Study Sheds Light on Disabled Persons Caught in Criminal Justice System

By Christopher Zoukis

A recent study issued by the non-profit Center for American Progress examined how Americans with disabilities have fared under the nation’s criminal justice system. Not surprisingly, the results speak to the failings of our penal system.

At its outset, the study, Disabled Behind Bars: The Mass Incarceration of People with Disabilities in America’s Jails and Prisons, finds persons with disabilities “dramatically over represented” behind bars. Citing data from the Bureau of Justice Statistics, it notes persons in local jails are four times more likely than non-incarcerated persons to report having a disability, while inmates of federal and state prisons are three times more likely to do so.

Overall, according to data from the Bureau of Justice Statistics for the years 2011-2012, by about a 40% to 32% margin, jail inmates are more likely than prison inmates to have one or more disabilities affecting their sight, hearing, mental, walking, self-care or independent living capabilities. That holds true for both male inmates (38.5% among those in jails, versus 31% in prisons) and female inmates (49.5% in jails, compared to 39.5% in prisons).

Mental health conditions afflict a large number of those incarcerated in the nation’s prisons and jails: Bureau of Justice Statistics show that at least one out of every five inmates has a serious mental illness. Such frequently reported cognitive disabilities as learning disorders, autism, dementia, Down’s syndrome and other intellectual problems affect prison inmates at four times the rate they are found in the general populace, and jail inmates exhibit them at six times the rate they are as likely as do individuals in the general population.

Not coincidentally, the rise in incarcerated populations came during the strong trend over more than half a century to deinstitutionalizing persons formerly treated in state mental hospitals and similar facilities. For example, those facilities treated almost 560,000 in the year 1955, but the total had fallen to around 70,000 by 1994.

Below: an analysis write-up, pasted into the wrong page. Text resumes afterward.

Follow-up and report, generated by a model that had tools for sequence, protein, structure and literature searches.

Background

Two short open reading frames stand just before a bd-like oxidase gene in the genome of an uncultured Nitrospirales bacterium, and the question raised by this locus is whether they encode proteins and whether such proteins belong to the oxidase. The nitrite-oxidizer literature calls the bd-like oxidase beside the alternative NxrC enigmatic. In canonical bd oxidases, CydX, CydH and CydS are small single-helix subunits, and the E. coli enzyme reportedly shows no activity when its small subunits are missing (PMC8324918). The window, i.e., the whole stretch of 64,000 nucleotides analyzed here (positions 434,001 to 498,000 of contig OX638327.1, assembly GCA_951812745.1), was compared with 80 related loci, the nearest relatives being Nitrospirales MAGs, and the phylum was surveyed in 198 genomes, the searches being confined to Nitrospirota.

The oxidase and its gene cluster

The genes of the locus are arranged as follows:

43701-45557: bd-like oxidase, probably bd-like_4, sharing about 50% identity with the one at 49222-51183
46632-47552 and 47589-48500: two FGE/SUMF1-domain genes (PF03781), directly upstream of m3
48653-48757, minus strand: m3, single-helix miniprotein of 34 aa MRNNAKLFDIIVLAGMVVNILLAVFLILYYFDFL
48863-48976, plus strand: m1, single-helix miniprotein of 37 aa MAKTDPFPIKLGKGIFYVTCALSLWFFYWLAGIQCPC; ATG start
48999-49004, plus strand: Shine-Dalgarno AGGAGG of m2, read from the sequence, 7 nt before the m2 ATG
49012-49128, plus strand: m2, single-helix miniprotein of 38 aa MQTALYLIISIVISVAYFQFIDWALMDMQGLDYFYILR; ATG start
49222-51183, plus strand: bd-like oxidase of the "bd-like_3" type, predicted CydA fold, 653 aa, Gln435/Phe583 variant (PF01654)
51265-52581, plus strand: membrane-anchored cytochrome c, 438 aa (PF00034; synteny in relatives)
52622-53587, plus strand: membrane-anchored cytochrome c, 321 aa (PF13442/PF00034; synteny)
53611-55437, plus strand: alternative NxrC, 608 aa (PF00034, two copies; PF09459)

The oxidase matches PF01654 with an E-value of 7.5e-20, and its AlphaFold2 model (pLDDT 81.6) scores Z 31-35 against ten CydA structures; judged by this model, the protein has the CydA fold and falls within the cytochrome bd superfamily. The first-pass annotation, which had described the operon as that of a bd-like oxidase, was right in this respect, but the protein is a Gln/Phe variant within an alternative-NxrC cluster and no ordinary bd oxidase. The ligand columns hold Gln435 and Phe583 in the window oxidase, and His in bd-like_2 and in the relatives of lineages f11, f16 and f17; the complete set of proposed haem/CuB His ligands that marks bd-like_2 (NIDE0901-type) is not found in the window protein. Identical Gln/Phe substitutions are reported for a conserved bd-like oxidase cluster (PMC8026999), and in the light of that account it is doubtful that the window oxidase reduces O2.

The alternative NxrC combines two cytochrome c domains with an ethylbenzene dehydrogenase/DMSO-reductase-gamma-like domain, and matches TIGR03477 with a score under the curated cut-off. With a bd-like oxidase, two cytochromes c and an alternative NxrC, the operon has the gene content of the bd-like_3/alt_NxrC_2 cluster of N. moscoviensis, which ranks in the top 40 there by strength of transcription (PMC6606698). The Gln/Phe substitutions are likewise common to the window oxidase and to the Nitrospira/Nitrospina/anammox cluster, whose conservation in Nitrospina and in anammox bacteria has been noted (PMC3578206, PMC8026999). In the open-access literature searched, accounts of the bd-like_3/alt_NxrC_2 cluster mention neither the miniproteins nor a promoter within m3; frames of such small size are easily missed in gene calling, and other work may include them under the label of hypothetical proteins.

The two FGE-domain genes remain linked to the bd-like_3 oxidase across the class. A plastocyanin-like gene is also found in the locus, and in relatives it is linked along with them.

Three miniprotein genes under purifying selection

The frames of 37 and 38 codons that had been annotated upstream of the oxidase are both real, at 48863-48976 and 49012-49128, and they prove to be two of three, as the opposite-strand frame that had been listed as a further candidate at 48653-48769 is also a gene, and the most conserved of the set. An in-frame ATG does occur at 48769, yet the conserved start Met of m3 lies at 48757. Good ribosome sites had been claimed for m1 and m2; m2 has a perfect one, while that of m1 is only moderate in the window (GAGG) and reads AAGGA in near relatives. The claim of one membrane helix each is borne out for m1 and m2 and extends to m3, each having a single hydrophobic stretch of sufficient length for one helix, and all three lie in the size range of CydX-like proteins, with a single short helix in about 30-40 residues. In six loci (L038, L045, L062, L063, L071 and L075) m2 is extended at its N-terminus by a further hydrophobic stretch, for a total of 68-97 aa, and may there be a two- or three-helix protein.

Since community-based alternative treatments for patients with mental health disorders did not significantly increase as patients were being deinstitutionalized, persons with mental disabilities became increasingly likely to be caught up by the criminal justice system, frequently for trivial offenses. As a result, three times as many persons with mental health disabilities are now found in prisons and jails than in state mental facilities.

The detailed new study, released in mid-July, notes the significantly greater cost of treating such conditions in prison or jail setting rather than in mental health facilities. For example, the annual cost for treating an inmate with a serious mental health condition averages over $48,500, while it costs only about 40% as much to provide treatment in a community setting, even with the cost of providing supportive housing added to the total.

In 2013, the Vera Institute of Justice, after reviewing a wide range of research on the subject, concluded it could cost two to three times as much to care for an incarcerated inmate with a serious mental disability than to provide treatment in a community setting.

Beyond the disproportionate expense, dealing with disabilities in incarceration raises other problems. Quality of care is often problematic, and jails and prisons treatment facilities may also run afoul of the American With Disabilities Act’s mandate, as recognized by the Supreme Court’s 1999 Olmstead v. L.C. decision, to integrate inmates with disabilities.


Christopher Zoukis is the author of College for Convicts: The Case for Higher Education in American Prisons (McFarland & Co., 2014) and Prison Education Guide (Prison Legal News Publishing, 2016). He can be found online at and